Thus, at output, the circuit SA3 delivers the nine bits b0-b8 of a word line WLl selected by the decoder WLD and eight error signals Sx0 to Sx7 corresponding to the data bits b0 to b8. The bits b0 to b8 and the signals Sx0 to Sx7 are applied to the input of an error correction circuit DCC1 according to the invention. The circuit DCC1 delivers, at an output, the eight data bits b0 to b7 after having corrected, if necessary, and an error bit bi since the signal Sxi sent for this bit is equal to a logic 1.
It is clear that the memory MEM2 has a simpler structure than the memory MEM1 since only one correction bit b8 is associated with each 8-bit word. Thus, the correction bits herein represent only 12.5% of the cells of the memory MEM2 as compared to 33% in the prior art. Furthermore, the correction circuit can be made in a relaticely straightforward way as shall be now described.
FIG. 8 shows an embodiment of the correction circuit DCC1. This circuit comprises eight multiplexers MUX0 to MUX7 and one parity computation circuit PCC which herein takes the form of an XOR gate with nine inputs. At input, the circuit PCC receives the nine bits bto b8 delivered by the read circuit SA3 and delivers a parity bit b9. The multiplexers MUX0 to MUX7 each comprise two data inputs and one control input. Each multiplexer MUX0 to MUX7 receives, at its first data input, one of the bits b0 to b7 delivered by the circuits SA2 0-SA2 7, and receives the parity bit b9 at its other data input and one of the signals Sx0-Sx7 at its control input.
The operation of the correction circuit DCC1 is straightforward. Each multiplexer MUX0 to MUX7 selects, at its output, the bit bi received at input if the signal Sxi at the control input is at a logic 0 or selects the parity bit b9 at its output if the signal Sxi is equal to a logic 1 (erroneous bit). The circuit DCC1 thus carries out the method described above in replacing an erroneous bit by the parity bit b9 computed from all the bits of the binary word b0-b8, including the parity bit b8. Since an erroneous bit is by convention equal to a logic 0, its injection into the input of the circuit PCC has no effect on the parity computation, which takes account only of the number of logic 1s present in the string of bits. Naturally, the circuit DCC1 can correct only one bit at a time. To correct two bits or more, it is necessary to add one or more additional parity bits and subdivide the binary word into two or more elementary bit strings each comprising a parity bit as described above, as illustrated in FIG. 6B for example.
A method of reading an EEPROM type memory cell has thus been described in which the programmed state or erased state results in negative or positive threshold voltages Vt. It can be clearly seen by those skilled in the art that the above teachings are applicable to FLASH type memory cells which are floating-gate transistors whose threshold voltage Vt, although it is always positive, has different values between the erased state and the programmed state. These values are respectively above and below the domain of the virgin cells.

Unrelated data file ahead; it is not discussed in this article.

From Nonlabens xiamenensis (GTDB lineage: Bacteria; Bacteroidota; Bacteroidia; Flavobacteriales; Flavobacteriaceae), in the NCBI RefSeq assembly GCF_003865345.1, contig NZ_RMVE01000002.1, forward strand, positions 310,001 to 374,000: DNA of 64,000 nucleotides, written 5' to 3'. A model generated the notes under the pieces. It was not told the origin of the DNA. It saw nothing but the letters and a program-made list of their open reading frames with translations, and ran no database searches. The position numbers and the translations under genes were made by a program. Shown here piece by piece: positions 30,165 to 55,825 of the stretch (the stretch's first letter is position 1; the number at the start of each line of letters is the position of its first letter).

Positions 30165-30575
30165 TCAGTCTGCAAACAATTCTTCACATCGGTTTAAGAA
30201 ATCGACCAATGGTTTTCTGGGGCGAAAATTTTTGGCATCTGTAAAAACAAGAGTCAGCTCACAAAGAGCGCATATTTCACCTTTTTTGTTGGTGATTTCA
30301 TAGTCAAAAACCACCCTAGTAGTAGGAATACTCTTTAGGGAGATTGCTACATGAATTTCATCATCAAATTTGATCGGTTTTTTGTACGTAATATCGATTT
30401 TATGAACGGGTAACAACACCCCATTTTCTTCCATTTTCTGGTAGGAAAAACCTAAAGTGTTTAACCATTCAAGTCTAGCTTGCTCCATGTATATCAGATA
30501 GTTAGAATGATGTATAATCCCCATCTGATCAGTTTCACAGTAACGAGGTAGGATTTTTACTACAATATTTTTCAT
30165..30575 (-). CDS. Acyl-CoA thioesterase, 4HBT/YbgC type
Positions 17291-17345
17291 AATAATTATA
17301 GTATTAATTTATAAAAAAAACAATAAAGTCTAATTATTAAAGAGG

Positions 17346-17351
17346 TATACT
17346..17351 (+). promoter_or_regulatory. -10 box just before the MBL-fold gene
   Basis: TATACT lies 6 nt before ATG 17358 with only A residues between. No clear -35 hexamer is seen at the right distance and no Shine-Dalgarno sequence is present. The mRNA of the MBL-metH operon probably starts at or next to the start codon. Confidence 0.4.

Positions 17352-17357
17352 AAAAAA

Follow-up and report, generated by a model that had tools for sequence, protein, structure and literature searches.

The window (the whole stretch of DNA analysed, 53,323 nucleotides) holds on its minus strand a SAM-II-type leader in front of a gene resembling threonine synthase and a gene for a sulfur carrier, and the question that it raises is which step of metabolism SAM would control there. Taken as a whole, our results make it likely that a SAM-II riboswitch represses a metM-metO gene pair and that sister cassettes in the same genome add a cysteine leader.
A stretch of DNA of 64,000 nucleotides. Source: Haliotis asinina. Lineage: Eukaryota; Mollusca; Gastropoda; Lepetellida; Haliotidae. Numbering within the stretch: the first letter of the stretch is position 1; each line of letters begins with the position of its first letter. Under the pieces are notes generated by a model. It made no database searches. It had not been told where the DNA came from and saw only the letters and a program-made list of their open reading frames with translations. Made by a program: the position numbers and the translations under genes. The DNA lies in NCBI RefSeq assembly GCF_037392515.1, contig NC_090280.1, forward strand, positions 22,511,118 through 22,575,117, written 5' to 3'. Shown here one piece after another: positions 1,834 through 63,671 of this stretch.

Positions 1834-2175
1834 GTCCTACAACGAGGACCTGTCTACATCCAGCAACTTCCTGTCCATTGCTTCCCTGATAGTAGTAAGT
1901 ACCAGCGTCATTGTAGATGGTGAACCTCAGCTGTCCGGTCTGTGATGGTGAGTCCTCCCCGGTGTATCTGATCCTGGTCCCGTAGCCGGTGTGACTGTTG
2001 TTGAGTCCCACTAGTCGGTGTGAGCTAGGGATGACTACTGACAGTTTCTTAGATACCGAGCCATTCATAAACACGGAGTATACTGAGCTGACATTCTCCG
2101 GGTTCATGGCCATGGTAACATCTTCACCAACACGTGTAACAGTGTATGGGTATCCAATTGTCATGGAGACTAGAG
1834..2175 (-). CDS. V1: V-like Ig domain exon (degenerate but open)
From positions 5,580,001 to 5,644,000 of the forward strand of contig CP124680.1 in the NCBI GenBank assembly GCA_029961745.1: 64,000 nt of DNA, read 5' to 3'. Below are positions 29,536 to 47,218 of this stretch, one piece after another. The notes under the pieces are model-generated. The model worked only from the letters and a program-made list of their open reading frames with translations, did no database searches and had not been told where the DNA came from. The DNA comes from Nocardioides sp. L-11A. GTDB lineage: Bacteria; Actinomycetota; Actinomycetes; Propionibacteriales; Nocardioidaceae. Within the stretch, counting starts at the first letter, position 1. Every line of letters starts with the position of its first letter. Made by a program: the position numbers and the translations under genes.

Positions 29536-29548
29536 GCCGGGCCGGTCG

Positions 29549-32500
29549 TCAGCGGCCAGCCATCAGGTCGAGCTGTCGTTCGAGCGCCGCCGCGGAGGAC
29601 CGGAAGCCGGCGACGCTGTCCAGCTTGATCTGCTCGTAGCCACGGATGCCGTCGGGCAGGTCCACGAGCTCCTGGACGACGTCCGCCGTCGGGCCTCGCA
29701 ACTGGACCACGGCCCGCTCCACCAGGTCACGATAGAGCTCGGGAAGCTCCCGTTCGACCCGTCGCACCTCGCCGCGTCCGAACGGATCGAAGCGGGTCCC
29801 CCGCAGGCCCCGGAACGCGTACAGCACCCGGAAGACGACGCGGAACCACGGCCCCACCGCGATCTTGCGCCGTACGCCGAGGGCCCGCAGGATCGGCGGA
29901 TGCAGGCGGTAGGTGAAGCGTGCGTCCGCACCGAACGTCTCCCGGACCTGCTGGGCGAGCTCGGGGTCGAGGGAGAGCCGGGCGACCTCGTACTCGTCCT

As is well known to those skilled in the art, the domain of the threshold voltages of the virgin cells is a characteristic that is controlled by varying the doping of the transistors and/or the thickness of the gate oxide. As above, a forbidden region is thus defined. This forbidden region is defined by two reference voltages Vt1, Vt2 that are midway between the region of the threshold voltages of the programmed transistors and the region of the threshold voltages of the erased transistors. Preferably, this forbidden region must include the domain of the virgin cells or at least be included in the domain of the virgin cells so that the erroneous state according to the invention is stable.
Even more generally speaking, the above teaching is applicable to any non-volatile memory whose memory cells have a remanent electrical characteristic that is capable of slowly slipping towards an erroneous value as a result of a manufacturing defect. The present invention can thus be applied inter alia to ferro-electric memories.
Furthermore, it can clearly be seen by those skilled in the art that the error correction method according to the invention can be combined with other type error detection methods. Similarly, the reading method according to the invention incorporating an error detection can be combined with other error correction methods.
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|U.S. Classification||714/765, 714/E11.047, 714/805, 714/773, 714/E11.036|
|International Classification||G06F11/10, H03M13/19|
|Cooperative Classification||G06F2201/81, H03M13/19, G06F11/1032, G06F11/1008|
|European Classification||G06F11/10M1S, G06F11/10M, G06F11/10R, H03M13/19|
|Jun 12, 2001||AS||Assignment|
|Sep 25, 2007||FPAY||Fee payment|
Year of fee payment: 4
|Sep 19, 2011||FPAY||Fee payment|
Year of fee payment: 8
|Sep 17, 2012||AS||Assignment|
Owner name: MICRON TECHNOLOGY, INC., IDAHO
Free format text: ASSIGNMENT OF ASSIGNORS INTEREST;ASSIGNOR:STMICROELECTRONICS S.A. (FORMERLY KNOWN AS SGS-THOMSON MICROELECTRONICS S.A.);REEL/FRAME:028972/0351
Effective date: 20120523